Kristin Sherwood

Program Director

Kristin Sherwood is a Program Director at FishChoice, and her primary role is leading FisheryProgress.org, a new website that provides consistent, credible information about fishery improvement project progress. Kristin also helps to build organizational strategy, monitoring/evaluation and foundation relationships at FishChoice. Kristin has more than 15 years of experience in international marine and coastal conservation, with a specific focus on strategic planning, capacity building, partnership development and grant-making. Before joining FishChoice, Kristin ran the Conservation Partnership Initiative for The Nature Conservancy, and prior to that, she was a Program Officer at the David and Lucile Packard Foundation.  Kristin holds a Master’s degree in Environmental Resource Management from James Cook University in Australia.

Speech Summary

Currently only approximately 12% of global wild capture fisheries are certified as sustainable. One key pathway to certified and positively rated sustainable seafood is through fisheries improvement projects (FIPs). Until a certification or rating is achieved, it has been hard for seafood companies and seafood focused NGOs to know if a fishery is only a FIP “on paper”, or if it is actually making real progress towards sustainability on the water. Companies throughout the seafood supply chain needed simple, consistent, and trustworthy information to make decisions about whether a given fishery met their sustainable seafood commitments. In 2016, FishChoice and a team of collaborating organizations, launched FisheryProgress.org – a website that presents FIP progress in a clear, consistent and credible way.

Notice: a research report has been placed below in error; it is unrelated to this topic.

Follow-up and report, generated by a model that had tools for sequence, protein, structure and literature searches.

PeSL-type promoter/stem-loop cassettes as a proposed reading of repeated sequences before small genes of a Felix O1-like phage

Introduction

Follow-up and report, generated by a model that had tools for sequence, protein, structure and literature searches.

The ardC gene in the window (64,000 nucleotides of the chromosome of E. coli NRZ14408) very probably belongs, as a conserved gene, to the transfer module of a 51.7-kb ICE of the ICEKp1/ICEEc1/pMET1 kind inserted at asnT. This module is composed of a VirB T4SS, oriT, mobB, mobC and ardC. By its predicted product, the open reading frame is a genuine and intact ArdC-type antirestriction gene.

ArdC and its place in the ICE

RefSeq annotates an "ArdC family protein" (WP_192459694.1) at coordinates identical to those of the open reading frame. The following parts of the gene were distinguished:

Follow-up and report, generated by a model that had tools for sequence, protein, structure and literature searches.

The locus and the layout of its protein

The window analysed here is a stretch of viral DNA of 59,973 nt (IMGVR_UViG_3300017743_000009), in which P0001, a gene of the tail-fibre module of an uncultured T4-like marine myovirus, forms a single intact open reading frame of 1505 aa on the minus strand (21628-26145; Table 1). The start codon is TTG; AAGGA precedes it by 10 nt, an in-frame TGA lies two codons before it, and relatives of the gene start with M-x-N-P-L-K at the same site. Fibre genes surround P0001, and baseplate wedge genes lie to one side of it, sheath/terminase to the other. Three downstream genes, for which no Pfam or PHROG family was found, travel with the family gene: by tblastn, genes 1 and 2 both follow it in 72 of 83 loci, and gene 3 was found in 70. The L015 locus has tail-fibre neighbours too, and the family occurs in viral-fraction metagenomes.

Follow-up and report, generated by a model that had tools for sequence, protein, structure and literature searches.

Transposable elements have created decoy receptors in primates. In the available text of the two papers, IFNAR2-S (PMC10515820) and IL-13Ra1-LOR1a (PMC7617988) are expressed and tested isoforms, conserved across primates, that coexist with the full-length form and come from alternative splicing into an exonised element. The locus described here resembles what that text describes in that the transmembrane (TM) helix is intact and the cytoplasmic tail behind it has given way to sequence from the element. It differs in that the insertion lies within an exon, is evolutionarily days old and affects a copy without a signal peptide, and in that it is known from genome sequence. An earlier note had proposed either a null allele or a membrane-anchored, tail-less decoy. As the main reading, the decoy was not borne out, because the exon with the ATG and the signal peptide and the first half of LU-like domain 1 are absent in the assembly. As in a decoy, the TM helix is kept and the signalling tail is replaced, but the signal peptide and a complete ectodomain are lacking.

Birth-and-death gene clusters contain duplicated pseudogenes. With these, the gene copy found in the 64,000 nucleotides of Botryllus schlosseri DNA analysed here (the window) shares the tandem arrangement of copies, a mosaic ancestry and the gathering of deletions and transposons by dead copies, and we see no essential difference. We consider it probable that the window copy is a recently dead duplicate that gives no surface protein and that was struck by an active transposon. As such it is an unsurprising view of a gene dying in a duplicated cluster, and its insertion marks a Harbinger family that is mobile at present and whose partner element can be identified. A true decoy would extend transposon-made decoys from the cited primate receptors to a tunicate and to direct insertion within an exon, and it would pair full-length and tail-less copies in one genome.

In order to eliminate greenwashing and reduce market access to underperforming or inactive FIPs, FisheryProgress created strict performance and reporting requirements. All FIPs on FisheryProgress are required to demonstrate progress in practice, policy or on-the-water in a 3-year timeframe – and to report every six months on FisheryProgress. If a FIP doesn’t meet those requirements, they are moved to an “inactive” status on FisheryProgress and no longer receive a FIP Progress Rating (created by the Sustainable Fisheries Partnership). Because active FIPs on FisheryProgress receive substantial market access, and FIP Progress Ratings are embedded in many company commitments, FIPs have a very clear incentive to publish on FisheryProgress, make demonstrable progress and stay current with their reporting.

Industry now recognizes FisheryProgress as the one place to find credible information about FIPs. Many North American and European retailers now rely on FisheryProgress to inform their FIP sourcing practices. Approximately 40% of all 1600+ registered users on FisheryProgress come from industry – across the supply chain. We now have 140 FIPs reporting on the website, including 37 FIPs that include tuna species. In this talk, we will introduce you to FisheryProgress and summarize the state of tuna FIPs globally.